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  • Collaborative Research Priorities for

    the Environment Agency 2016-2020 Evidence Directorate | April 2016

  • Published April 2016

    Evidence Directorate, Environment Agency, Bristol

    Authors: Andy Croxford, Neil Weatherley, Stuart Allen

    Design/Preparation: National Evidence Hub (Liane Bradbrook)

    Picture References:

    All Photos from Environment Agency Flickr Photo Stream.

    All rights reserved. Photographers named where known.

    https://www.flickr.com/photos/environment-agency

    Page 6. Pictures: (L-R) Environment Agency Staff monitoring pollution

    on River Crane where some 3,000 fish were killed following a pollution

    incident on the River Crane near Twickenham. Incident room staff monitor

    river levels overnight and through a flooding incident 2012. Bridgnorth,

    Shropshire: New solar powered river monitoring equipment installed on

    the River Severn The new station uses modern sensors which are both more

    accurate and reliable, and solar power to run the station.

    Page 10. Two Hydropower 40-tonne turbines lifted into place at the

    Environment Agency’s Romney Weir on the River Thames. Photo by Anthony

    Cullen.

    Page 13. Tackling Waste Crime, Road Checks - Operation Cyclone

    Page 16. Environmental Monitoring Officer with a virile and signal

    crayfish

    Page 21. Cockermouth 2009

    Page 22. Flooded street, Witton 2007

    Page 22. Ullswater, Cumbria

    Page 29. Mud flats in winter, Sand Bay, Weston-super-Mare, North

    Somerset, February 2010. Photographer Mark Wilson.

    Contents

    1. Introduction

    2. Who we are and what we do

    3. Research themes

    4. Research questions • Agriculture and land use

    • Energy production

    • Industry and better regulation

    • Waste and resources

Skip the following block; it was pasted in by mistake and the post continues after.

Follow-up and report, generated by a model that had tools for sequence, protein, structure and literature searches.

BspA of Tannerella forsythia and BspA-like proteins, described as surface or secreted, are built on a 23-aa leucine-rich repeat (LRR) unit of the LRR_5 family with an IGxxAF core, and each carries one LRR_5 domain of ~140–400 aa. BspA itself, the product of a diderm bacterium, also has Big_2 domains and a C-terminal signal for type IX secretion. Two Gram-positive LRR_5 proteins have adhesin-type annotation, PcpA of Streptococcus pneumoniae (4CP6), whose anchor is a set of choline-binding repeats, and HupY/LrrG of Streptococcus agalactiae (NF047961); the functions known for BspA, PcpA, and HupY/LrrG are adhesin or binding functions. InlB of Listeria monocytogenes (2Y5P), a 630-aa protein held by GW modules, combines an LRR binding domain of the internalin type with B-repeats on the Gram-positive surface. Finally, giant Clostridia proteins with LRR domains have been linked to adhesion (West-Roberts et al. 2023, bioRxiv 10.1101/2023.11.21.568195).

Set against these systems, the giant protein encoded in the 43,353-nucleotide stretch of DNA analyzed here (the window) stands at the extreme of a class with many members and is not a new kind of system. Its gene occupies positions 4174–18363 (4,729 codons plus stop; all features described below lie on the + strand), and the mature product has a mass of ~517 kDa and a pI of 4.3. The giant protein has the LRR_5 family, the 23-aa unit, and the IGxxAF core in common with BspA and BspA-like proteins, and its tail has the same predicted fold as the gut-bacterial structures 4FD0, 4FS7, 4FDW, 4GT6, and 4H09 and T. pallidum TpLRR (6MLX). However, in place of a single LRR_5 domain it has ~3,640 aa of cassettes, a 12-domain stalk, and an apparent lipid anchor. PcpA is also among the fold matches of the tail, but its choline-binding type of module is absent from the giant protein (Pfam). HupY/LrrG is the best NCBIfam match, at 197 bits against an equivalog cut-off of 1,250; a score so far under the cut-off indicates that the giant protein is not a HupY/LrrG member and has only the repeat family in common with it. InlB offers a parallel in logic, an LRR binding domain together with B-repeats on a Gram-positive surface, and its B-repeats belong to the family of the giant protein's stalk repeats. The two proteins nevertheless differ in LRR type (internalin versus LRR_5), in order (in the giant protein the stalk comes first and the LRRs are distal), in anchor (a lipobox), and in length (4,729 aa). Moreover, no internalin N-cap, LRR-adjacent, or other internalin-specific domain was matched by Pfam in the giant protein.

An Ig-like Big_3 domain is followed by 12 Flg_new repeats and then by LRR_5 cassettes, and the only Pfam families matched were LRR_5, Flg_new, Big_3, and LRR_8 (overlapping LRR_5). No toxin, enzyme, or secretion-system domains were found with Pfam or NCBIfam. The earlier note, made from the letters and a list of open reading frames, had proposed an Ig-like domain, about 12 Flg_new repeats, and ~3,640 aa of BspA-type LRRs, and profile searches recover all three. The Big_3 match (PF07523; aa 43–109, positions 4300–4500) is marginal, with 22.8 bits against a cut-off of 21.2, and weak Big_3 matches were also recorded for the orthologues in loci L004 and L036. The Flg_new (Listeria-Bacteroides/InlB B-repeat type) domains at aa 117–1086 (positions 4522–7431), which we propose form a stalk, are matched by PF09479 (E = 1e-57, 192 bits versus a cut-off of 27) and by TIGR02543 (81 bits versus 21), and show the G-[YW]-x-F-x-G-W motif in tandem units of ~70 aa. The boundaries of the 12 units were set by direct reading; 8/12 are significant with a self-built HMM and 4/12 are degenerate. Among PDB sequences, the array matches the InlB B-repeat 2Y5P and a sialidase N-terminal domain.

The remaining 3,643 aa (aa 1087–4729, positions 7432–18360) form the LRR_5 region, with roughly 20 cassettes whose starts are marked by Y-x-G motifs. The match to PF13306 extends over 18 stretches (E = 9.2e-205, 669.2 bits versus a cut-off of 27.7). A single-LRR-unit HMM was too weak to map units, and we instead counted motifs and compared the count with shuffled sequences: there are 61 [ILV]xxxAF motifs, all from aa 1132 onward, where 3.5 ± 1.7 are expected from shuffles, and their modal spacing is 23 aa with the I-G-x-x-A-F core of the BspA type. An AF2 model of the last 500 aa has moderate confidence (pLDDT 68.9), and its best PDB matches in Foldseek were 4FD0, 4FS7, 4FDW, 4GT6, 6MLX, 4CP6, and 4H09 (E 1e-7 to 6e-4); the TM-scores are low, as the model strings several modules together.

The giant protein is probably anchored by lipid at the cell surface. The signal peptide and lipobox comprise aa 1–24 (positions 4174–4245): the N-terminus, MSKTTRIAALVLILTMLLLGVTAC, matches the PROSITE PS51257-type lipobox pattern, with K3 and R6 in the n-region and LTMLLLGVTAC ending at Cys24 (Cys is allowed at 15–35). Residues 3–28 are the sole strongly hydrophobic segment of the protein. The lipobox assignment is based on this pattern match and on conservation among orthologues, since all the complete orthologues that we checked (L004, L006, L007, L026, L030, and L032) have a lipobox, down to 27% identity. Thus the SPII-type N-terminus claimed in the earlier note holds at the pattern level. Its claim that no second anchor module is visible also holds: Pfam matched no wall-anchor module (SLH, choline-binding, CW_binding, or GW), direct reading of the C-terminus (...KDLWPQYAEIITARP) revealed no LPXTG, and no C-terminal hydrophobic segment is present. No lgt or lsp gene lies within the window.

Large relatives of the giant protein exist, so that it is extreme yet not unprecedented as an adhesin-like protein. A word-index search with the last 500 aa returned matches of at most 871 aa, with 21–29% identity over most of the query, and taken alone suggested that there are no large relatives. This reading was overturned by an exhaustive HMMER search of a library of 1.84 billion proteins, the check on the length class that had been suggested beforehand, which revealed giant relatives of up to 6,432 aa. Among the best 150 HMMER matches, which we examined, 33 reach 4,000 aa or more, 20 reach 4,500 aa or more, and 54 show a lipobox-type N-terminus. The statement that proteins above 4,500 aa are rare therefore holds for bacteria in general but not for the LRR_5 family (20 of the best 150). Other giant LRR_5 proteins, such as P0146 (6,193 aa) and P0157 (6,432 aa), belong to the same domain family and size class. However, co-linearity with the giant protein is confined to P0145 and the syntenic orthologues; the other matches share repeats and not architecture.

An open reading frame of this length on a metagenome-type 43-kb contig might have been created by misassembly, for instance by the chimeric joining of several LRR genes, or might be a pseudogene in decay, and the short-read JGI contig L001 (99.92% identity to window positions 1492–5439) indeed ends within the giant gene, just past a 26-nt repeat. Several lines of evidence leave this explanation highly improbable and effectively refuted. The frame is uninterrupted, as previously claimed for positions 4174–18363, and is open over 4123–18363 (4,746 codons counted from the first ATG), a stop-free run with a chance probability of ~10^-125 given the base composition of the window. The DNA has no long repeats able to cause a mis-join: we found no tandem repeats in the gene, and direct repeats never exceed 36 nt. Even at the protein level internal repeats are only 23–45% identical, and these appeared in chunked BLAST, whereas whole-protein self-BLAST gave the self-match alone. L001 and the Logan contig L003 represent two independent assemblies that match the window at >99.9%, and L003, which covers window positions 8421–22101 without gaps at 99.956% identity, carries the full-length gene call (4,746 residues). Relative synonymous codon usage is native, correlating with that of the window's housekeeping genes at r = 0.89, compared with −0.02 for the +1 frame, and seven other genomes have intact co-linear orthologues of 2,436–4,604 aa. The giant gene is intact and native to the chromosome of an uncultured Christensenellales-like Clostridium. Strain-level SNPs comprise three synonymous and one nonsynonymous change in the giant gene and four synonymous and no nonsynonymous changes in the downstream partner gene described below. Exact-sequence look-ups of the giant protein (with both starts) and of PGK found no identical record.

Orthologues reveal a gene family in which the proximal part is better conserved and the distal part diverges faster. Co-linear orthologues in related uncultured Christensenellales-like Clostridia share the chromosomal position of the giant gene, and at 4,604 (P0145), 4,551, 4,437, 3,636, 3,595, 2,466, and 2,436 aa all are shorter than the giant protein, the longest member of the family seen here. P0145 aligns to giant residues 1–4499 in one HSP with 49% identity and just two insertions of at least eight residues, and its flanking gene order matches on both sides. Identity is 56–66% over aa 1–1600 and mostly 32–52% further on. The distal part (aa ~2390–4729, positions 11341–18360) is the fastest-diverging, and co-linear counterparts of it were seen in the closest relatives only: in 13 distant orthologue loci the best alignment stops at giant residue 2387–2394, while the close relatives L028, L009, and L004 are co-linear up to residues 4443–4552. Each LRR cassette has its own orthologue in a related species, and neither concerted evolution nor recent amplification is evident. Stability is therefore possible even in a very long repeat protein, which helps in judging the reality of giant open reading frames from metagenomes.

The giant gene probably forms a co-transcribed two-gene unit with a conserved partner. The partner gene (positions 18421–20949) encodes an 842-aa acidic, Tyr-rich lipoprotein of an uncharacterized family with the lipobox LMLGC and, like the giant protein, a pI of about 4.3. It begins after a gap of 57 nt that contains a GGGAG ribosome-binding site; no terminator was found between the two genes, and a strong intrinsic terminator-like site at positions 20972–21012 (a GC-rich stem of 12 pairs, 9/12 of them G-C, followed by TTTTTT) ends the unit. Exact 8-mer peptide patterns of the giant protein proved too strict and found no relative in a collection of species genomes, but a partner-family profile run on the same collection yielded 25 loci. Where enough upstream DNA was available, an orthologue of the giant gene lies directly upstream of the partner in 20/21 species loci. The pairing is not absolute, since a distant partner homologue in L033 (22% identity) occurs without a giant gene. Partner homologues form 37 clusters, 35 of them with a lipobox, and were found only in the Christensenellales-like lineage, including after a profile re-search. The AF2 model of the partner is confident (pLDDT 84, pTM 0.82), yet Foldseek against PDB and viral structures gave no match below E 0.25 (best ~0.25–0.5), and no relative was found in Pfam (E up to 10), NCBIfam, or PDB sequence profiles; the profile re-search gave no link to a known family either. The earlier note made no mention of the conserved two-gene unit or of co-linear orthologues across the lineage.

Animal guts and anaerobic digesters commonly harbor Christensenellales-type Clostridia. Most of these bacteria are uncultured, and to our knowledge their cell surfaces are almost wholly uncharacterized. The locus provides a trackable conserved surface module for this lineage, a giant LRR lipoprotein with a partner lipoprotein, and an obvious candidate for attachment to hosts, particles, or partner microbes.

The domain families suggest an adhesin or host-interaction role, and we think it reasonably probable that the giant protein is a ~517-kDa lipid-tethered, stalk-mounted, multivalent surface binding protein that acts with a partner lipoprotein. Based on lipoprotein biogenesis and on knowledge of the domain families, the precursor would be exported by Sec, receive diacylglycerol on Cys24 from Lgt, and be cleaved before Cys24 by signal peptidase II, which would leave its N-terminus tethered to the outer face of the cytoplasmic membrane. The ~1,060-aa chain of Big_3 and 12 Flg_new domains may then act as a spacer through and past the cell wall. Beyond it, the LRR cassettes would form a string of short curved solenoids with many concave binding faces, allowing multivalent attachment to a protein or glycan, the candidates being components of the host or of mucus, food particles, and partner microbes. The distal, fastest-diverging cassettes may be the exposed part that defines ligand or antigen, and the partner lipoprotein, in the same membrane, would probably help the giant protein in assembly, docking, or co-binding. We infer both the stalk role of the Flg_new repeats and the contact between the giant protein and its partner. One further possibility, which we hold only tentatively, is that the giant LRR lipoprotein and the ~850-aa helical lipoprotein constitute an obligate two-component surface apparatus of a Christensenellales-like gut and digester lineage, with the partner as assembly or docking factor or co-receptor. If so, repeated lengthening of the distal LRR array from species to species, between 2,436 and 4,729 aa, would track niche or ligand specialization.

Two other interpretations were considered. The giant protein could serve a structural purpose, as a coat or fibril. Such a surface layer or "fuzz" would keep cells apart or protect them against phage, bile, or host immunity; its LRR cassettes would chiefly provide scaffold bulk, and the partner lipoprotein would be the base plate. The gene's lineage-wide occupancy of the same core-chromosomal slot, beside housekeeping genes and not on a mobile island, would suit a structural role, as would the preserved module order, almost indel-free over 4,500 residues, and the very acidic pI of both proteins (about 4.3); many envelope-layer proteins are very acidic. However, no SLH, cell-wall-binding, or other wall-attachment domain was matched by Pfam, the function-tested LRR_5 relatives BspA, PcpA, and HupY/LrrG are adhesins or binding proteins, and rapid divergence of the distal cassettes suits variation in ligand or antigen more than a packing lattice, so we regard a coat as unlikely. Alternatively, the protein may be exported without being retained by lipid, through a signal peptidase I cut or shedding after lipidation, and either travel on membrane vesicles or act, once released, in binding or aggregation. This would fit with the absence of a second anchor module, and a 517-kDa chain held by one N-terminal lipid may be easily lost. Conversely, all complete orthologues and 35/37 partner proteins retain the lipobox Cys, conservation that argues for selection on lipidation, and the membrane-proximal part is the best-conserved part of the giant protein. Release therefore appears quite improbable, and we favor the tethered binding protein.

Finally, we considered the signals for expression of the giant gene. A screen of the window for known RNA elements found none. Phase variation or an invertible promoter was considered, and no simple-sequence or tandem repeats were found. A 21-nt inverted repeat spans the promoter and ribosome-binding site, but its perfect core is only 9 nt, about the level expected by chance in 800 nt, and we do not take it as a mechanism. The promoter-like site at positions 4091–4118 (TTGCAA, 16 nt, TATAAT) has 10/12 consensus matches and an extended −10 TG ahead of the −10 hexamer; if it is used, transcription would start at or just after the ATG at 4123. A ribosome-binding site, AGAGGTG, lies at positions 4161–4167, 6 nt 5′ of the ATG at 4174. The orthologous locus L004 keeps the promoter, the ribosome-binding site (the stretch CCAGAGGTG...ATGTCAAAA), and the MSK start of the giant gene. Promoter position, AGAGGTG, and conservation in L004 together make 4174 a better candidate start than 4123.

• Water supply and the water

    environment

    • Understanding flood risk

    • Managing flood and coastal

    erosion probability

    • Managing the consequence of

    flooding

    • Climate change impacts and

    adaptation

    • Technology and innovation

    • Cross-cutting research

    5. Contact information

    https://www.flickr.com/photos/environment-agency

  • 3

    Introduction

    The purpose of this document is to set out

    some of the big research questions facing

    the Environment Agency in delivering our

    duties and protecting the environment and

    human health. It is intended to inform

    external researchers and research funders

    about longer term priorities where we

    would welcome opportunities to work in

    partnership. While we have limited funds

    for research, our responsibilities make us

    key research users and our expertise and

    extensive data sets are an important

    research capability and resource.

    Our priorities are considered under 11

    interlinked themes, which are relevant to

    many other organisations in the Defra

    network and to society as a whole. Our

    focus is on those aspects that directly